The Unique and Majestic Duomo of Amalfi

On the second day of our self-guided walking holiday on the Amalfi Coast, you descend on foot from the heights of Ravello into the town of Amalfi and soon find yourself in the central piazza, dominated by the world-renowned Cathedral of Saint Andrea, otherwise known as the Duomo of Amalfi.

Standing at the base of the broad, tall staircase, you’re likely to notice a number of odd features. First is the staircase itself. Very few churches in Italy boast such a monumental means of access. Typically, a temple or cathedral might have a few steps up to the central portal, the Duomo of Florence being a good example. Not even the Basilica of Saint Peter in Rome has such a tall and steep stairway as does Amalfi’s Duomo. The reason is that the church was constructed on a relatively high hill (20m/65ft a.s.l.) overlooking the rest of the town. This was in order to offer shelter to the citizens of Amalfi during an era characterized by frequent pirate raids and attacks by rival city states. During that period, the staircase did not exist in its present form, and was added later once the threats had diminished.

Duomo of Amalfi, staircase

The staircase of the Duomo

Another notable feature is the intricately arched portico topped by a gable with a polychrome mosaic that looks distinctly Byzantine. Influences from the east don’t stop there. Topping the bell-tower on the left is a construction which, if you squint right, could easily stand in as a medieval church from the Levant. Inside, Moorish influences abound, especially in the exquisitely carved columns and interwoven arches of the Cloister of Paradise, which was originally established as a cemetery for the more illustrious citizens of the city.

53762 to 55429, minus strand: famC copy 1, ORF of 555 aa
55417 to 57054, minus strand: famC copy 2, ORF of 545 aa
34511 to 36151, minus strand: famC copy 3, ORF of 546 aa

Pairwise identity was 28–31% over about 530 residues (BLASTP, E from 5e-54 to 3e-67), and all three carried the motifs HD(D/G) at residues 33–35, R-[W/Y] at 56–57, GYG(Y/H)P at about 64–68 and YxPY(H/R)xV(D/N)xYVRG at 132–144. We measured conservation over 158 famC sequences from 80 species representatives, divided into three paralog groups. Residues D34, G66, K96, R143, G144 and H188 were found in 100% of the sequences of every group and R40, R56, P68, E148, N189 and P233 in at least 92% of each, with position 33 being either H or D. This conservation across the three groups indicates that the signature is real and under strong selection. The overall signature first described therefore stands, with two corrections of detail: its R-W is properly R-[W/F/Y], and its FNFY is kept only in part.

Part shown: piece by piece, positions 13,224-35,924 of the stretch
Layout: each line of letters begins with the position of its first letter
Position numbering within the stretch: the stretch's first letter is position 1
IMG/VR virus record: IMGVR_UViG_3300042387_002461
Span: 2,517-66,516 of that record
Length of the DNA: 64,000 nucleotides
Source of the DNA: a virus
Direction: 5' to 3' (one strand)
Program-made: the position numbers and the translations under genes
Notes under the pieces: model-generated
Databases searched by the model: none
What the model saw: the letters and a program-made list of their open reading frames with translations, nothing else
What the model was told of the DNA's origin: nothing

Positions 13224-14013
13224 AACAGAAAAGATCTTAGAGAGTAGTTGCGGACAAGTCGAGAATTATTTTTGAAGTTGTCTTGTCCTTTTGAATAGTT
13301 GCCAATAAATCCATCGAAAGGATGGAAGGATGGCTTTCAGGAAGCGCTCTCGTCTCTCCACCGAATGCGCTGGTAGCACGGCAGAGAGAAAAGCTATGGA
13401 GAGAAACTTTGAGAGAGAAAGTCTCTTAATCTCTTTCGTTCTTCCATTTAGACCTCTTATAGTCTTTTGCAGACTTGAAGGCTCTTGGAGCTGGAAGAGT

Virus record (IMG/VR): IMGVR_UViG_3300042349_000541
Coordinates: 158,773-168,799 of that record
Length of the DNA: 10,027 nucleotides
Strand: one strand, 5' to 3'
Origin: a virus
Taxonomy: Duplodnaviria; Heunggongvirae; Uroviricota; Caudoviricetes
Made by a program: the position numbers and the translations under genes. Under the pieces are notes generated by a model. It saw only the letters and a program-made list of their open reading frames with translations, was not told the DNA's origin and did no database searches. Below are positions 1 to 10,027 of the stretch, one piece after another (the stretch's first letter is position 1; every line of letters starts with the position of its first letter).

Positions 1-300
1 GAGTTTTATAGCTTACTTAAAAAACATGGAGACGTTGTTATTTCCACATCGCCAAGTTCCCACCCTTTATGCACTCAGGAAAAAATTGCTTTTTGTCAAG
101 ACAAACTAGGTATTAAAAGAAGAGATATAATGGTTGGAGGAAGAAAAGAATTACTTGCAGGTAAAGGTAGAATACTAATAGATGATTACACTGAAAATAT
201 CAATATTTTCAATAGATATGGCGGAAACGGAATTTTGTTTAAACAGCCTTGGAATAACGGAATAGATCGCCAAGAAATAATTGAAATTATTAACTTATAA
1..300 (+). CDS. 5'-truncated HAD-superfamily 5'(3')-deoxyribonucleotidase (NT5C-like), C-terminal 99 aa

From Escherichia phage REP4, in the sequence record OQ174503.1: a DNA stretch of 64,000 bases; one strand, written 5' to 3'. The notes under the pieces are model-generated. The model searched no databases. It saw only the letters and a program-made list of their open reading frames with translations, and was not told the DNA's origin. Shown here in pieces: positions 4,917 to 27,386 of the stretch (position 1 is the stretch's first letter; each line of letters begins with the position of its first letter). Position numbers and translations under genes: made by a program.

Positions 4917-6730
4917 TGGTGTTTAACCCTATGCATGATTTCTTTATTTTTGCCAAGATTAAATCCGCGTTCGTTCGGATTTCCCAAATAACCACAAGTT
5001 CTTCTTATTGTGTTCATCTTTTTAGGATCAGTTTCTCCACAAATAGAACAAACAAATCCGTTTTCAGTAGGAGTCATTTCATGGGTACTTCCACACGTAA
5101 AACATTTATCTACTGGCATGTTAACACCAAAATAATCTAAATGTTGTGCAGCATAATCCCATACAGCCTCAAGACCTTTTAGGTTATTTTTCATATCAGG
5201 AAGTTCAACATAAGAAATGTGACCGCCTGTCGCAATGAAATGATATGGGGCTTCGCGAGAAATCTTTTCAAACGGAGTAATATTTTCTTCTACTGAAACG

Construction of the Duomo

Bell Tower of the Duomo in Amalfi

The bell tower of Amalfi Duomol dedicated to the Apostle Saint Andrew

The Duomo of Amalfi was built upon a 9th C. church that has been identified by the remains of the original foundations where the northern part of the basilica complex now stands and which comprised a large nave connected to a narrower one.

In 1176, the Duomo was reduced to a single aisle and in 1180 the ancient entrance was replaced with the bell-tower, Archbishop Filippo Augustariccio completed the bell-tower in 1276 with the addition of interlaced arches of majolica. Augustariccio was, in fact, responsible for much of look of the present day complex, in particular the Cloister of Paradise which he built between 1266 and 1268.

Over the centuries, the interventions never ceased. In the 14th century, the Amalfitani added Gothic pinnacles and dedicated a mosaic on the façade to St. Andrea the Apostle, from whom the church derives its name. Starting in 1931 and for the next 60 years, new works were undertaken to recover the original medieval structure of the Basilica of the Crucifix.

The Duomo’s Reason for Being

Arguably the most important part of the Duomo of Amalfi is the crypt of St. Andrea, the first disciple of Jesus and the Holy Protector of Amalfi, a portion of whose relics arrived in the region of Campania in 1208, rescued during the sack of Constantinople by Cardinal Peter of Capua, himself an Amalfitano. St. Andrea spent much of his career establishing the early Christian church in what was then Byzantium, which can help explain the remarkably eastern influences of the present day Duomo of Amalfi. Due to the presence of these relics, as well as its architectural interest, the duomo stands as among the most important monuments of both eastern and western Christianity.